Veteran Pakistani performing artist Zia Mohyeddin (1931-2023) passed away this week. May his soul rest in peace. Amen. Among the most enduring legacies he has left behind is the National Academy of Performing Arts (NAPA) he helped establish in Karachi in 2005 with the support and funding provided by former President Pervez Musharraf (1943-2023). Zia Mohyeddin not only inspired generations of young Pakistanis aspiring to become performing artists, he also helped build NAPA as an institution where they are formally trained in film, television, dance, theater, music and other performing arts.
|Zia Mohyeddin (1931-2023)|
Popular Pakistani actor Fawad Khan, a NAPA graduate who was inspired by Mohyeddin, told Al Jazeera the thespian’s death felt like he had lost his own father. “I don’t have enough words to express my words and sorrow at his passing. He helped me at every stage. His life was all about theatre, the all-encompassing passion he had for it. It kept him alive,” Khan said.
|National Academy of Performing Arts, Karachi, Pakistan|
Zia Mohyeddin was President Emeritus of NAPA at the time of his death. In 2005, he was handpicked by late President Pervez Musharraf to establish and lead a national institution for arts and music. He was trained at the Royal Academy of Dramatic Art in London. He performed in several Broadway and West End theater productions. He made his West End debut in A Passage to India as Dr. Aziz. His acting credits include roles in Lawrence of Arabia (1962), Behold the Pale Horse (1964), Bombay Talkie (1970) and The Jewel in the Crown (1984).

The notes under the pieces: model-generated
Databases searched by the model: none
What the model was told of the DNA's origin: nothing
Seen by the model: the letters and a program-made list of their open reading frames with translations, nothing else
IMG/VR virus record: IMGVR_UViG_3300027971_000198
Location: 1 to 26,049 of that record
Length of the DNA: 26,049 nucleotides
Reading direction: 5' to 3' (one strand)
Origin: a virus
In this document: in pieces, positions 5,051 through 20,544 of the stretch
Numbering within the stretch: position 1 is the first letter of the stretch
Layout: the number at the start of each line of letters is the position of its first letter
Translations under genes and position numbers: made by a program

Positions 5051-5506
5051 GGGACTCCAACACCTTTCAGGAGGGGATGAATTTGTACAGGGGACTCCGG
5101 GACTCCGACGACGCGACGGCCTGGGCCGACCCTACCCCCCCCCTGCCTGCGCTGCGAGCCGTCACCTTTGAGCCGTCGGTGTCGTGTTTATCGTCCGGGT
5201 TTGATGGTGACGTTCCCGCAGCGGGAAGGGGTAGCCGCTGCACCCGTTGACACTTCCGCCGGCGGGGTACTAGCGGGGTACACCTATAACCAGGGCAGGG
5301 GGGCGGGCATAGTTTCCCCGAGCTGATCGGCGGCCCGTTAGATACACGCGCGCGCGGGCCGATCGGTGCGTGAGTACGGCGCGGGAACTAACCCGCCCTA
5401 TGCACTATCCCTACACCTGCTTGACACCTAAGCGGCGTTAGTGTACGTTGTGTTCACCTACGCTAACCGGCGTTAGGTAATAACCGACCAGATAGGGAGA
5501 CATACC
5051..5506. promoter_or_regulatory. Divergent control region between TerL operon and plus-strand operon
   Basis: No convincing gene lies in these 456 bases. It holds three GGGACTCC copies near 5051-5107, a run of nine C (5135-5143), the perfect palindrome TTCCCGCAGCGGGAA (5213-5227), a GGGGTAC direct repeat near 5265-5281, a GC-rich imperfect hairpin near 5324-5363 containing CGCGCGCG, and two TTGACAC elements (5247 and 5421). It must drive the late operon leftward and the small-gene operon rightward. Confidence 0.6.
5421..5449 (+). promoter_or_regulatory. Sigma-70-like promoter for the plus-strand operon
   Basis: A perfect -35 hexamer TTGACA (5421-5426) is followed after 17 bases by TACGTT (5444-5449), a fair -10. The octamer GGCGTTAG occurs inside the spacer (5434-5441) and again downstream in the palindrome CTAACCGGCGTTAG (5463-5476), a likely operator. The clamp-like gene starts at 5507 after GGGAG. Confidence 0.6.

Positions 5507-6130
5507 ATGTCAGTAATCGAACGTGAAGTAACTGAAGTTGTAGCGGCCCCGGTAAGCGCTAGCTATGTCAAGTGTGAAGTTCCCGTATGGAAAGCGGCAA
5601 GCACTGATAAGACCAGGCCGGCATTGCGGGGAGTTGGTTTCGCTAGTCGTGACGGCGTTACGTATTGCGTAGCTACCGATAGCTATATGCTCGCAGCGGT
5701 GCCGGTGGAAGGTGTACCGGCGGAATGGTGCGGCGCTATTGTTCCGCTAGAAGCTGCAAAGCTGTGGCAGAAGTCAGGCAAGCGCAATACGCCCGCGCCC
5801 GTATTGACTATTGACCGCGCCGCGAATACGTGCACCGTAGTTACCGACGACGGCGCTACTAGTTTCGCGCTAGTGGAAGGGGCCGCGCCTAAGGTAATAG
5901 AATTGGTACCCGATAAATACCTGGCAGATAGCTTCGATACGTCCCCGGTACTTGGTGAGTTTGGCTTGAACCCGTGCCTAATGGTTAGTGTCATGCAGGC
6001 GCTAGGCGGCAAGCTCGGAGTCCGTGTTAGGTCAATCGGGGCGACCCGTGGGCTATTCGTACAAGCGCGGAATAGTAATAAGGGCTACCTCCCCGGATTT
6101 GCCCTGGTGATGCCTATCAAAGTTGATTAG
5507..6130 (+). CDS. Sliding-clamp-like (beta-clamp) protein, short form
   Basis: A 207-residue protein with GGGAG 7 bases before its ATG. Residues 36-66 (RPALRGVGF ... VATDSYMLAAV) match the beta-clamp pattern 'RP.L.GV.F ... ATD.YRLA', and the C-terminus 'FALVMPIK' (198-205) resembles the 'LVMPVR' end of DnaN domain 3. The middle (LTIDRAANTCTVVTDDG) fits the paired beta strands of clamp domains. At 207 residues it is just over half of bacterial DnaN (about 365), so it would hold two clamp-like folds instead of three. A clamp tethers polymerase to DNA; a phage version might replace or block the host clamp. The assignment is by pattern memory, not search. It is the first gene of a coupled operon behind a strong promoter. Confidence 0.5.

In 2015, President Pervez Musharraf attended NAPA's 10th anniversary celebration of its founding. Zia Mohyeddin thanked Musharraf for founding NAPA and for selecting him to run it, according to a report in Business Recorder newspaper. "To be a part of NAPA's 10th founding anniversary is a very gratifying experience," he said. "I never imagined myself being around long enough to be a part of the celebrations, and see the seed that we planted grow into a healthy plant and about to become a tree."
Urdu monologues delivered by Zia Mohyeddin became the main draw at popular events in Pakistan and around the world. Rekhta.org, a popular web library of Urdu poetry, has hailed them for "taking the art of recitation to unprecedented heights". His performance at the 2011 NED Alumni Association Convention in New Jersey was the the biggest highlight of the event. My friend and fellow NED alumnus Ali Hasan Cemendtaur reported it in the Pakistan Link as follows:
"It doesn't happen often that a thespian keeps redefining himself to remain in demand as he progresses through years. Actors should learn from Zia Mohyeddin how to be successful at such a transformation. Turning 80 in a couple of years, this theater and film actor of yesteryear now uses his deep theatrical voice to recite fine Urdu literature and enthrall crowds. At the NED Convention 2011, Zia Mohyeddin did something new: besides reading masterpieces of known writers, Mohyeddin read a piece he himself authored".
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